A New York Times Notable Book. A literary exploration that is “surely destined to become the quintessential companion to Camus’s most enduring novel” (PopMatters). The Stranger is a rite of passage for readers around the world. Since its publication in France in 1942, Camus’s novel has been translated into sixty languages and sold more than six million copies. It’s the rare novel that’s as likely to be found in a teen’s backpack as in a graduate philosophy seminar. If the twentieth century produced a novel that could be called ubiquitous, The Stranger is it. How did a young man in his twenties who had never written a novel turn out a masterpiece that still grips readers more than seventy years later? With Looking for The Stranger, Alice Kaplan tells that story. In the process, she reveals Camus’ achievement to have been even more impressive—and more unlikely—than even his most devoted readers knew. “To this new project, Kaplan brings equally honed skills as a historian, literary critic, and biographer . . . Reading The Stranger is a bracing but somewhat bloodless experience. Ms. Kaplan has hung warm flesh on its steely bones.” —The New York Times “For American readers, few French novels are better known, and few scholars are better qualified than Kaplan to reintroduce us to it . . . Kaplan tells this story with great verve and insight, all the while preserving the mystery of its creation and elusiveness of its meaning.” —Los Angeles Review of Books “The fascinating story behind Albert Camus’ coldblooded masterpiece . . . A compelling companion to a novel that has stayed strange.” —Kirkus Reviews.
Being sick is horrible. But it used to be worse. Inside this book, you'll see evidence of the plagues of the past—rotting skin, dissolving lungs, and sinister swelling all over the body. Diseases like the Black Death wiped out whole towns and villages. Tuberculosis consumed young people like a bloodsucking vampire. And Smallpox left its victims scarred for life—if they survived. At the time, no one knew where these killer diseases came from or how to treat them. But eventually doctors discovered how these diseases and others were spread. Being sick isn't quite as sickening as it was in the past!.
A riveting account, at once a reconstruction of the race to find a cure, a history of bubonic plague, and an investigation into the threat of plague today Plague. The very word carries an unholy resonance. No other disease can claim its apocalyptic or mythological power. It can lie dormant for centuries, only to resurface with ferocious, nation-killing force. Here, with the high drama of a great adventure tale, Edward Marriott unravels the story of this lethal disease: the historic battle to identify its source, the devastating effects of pandemics, and the prospects for the next outbreak. Through a range of primary sources, Marriott takes us back to Hong Kong in the summer of 1894, when a diagnosis of plague brought two top scientists to the island-Alexandre Yersin, a lone, maverick Frenchman, and his eminent rival, the Japanese Shibasaburo Kitasato. Marriott interweaves his narrative of their fierce competition to discover the plague's source with vivid scenes of the scourge's persistence: California in 1900, when plague arrived in the United States; Surat, India, in 1994, where torrential floods drowned millions of rats, causing the worst epidemic in seventy years; and New York City, some time in the future, where there is a rat for every human being, a diminishing budget for pest control, and an emerging strain of plague that is resistant to antibiotics. A masterly recounting of medical and human history, Plague is an instructive warning, a gripping account of history, and a chilling read..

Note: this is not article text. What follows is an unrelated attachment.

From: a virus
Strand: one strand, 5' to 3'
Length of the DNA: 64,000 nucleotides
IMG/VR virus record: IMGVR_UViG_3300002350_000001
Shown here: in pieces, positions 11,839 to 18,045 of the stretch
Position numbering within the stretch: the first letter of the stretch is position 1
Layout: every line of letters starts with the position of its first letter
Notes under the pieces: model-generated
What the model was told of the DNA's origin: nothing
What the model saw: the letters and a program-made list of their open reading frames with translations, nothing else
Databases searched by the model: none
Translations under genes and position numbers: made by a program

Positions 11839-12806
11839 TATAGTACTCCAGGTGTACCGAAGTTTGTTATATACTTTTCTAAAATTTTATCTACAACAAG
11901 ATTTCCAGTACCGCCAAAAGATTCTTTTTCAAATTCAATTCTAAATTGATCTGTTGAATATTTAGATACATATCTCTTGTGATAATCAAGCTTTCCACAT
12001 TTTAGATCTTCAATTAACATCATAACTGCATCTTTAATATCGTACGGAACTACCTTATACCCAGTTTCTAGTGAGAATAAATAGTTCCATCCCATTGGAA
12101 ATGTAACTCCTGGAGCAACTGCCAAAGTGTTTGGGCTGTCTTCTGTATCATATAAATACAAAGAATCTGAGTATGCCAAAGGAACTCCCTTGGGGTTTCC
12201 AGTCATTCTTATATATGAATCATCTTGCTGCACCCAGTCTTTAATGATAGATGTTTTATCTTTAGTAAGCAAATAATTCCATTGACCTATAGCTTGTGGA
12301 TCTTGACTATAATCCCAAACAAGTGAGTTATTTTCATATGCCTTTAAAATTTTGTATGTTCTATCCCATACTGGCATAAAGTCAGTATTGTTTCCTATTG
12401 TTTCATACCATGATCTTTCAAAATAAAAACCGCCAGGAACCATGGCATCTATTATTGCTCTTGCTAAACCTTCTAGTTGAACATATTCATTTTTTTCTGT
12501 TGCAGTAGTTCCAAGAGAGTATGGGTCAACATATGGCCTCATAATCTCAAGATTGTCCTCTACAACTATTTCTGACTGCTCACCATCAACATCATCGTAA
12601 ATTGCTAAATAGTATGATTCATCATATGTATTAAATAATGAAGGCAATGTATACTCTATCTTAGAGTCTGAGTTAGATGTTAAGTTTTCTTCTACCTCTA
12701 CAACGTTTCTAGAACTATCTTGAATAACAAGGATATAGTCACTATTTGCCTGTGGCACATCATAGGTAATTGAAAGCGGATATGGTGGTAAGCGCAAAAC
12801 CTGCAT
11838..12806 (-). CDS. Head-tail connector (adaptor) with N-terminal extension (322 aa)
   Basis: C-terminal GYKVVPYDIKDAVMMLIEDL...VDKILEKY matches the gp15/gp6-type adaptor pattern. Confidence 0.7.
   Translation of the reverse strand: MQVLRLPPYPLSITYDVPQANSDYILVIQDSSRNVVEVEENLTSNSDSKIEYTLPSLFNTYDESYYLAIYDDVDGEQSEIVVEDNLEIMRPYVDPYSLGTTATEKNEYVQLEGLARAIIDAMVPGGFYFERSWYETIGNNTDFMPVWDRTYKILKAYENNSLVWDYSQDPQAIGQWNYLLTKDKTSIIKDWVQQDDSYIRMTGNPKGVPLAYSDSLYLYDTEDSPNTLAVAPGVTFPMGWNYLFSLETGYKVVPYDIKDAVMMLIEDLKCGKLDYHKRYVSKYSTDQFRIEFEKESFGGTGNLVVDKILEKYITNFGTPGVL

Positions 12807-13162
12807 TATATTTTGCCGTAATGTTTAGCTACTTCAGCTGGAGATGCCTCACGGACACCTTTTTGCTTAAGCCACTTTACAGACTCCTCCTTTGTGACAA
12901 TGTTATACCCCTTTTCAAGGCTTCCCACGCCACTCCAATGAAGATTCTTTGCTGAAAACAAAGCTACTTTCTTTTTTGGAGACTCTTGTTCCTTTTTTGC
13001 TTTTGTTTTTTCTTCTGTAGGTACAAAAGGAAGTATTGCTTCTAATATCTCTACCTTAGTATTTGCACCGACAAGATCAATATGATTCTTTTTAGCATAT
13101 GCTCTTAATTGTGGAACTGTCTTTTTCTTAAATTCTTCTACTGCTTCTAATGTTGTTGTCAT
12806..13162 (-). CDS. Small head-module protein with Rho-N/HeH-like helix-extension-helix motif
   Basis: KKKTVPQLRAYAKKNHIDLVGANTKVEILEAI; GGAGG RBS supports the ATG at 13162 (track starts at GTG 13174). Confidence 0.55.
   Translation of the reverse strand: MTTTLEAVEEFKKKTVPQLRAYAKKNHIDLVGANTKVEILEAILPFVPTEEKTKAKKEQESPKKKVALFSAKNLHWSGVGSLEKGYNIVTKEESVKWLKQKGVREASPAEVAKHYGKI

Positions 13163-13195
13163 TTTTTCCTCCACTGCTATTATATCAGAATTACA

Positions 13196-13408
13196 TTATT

This book surveys a neglected set of sources, German plague prints and treatises published between 1473 and 1573, in order to explore the intertwined histories of plague, print, medicine and religion during the Reformation era. It argues that a particularly German reform of healing flourished in printed texts during the Renaissance and Reformation as physicians and clerics devised innovative responses to the era’s persistent epidemics. These reforms are "German" since they reflect the innovative trends that originated in or were particularly strong within German-speaking lands, including the rapid growth of vernacular print, Protestantism, and new interest in alchemy and the native plants of Northern Europe that were unknown to the ancients. Their reforms are also "German" in the sense that they unfolded mainly in vernacular print, which encouraged physicians to produce local knowledge, grounded in personal experience and local observations as much as universal theories. This book contributes to the history of medicine and science by tracing the growth of more empirical forms of medical knowledge. It also contributes to the history of the Renaissance and Reformation by uncovering the innovative contributions of various forgotten physicians. This book presents the broadest study of German plague treatises in any language..
In his first novel, A Happy Death, written when he was in his early twenties and retrieved from his private papers following his death in I960, Albert Camus laid the foundation for The Stranger, focusing in both works on an Algerian clerk who kills a man in cold blood. But he also revealed himself to an extent that he never would in his later fiction. For if A Happy Death is the study of a rule-bound being shattering the fetters of his existence, it is also a remarkably candid portrait of its author as a young man. As the novel follows the protagonist, Patrice Mersault, to his victim's house -- and then, fleeing, in a journey that takes him through stages of exile, hedonism, privation, and death -it gives us a glimpse into the imagination of one of the great writers of the twentieth century. For here is the young Camus himself, in love with the sea and sun, enraptured by women yet disdainful of romantic love, and already formulating the philosophy of action and moral responsibility that would make him central to the thought of our time. Translated from the French by Richard Howard.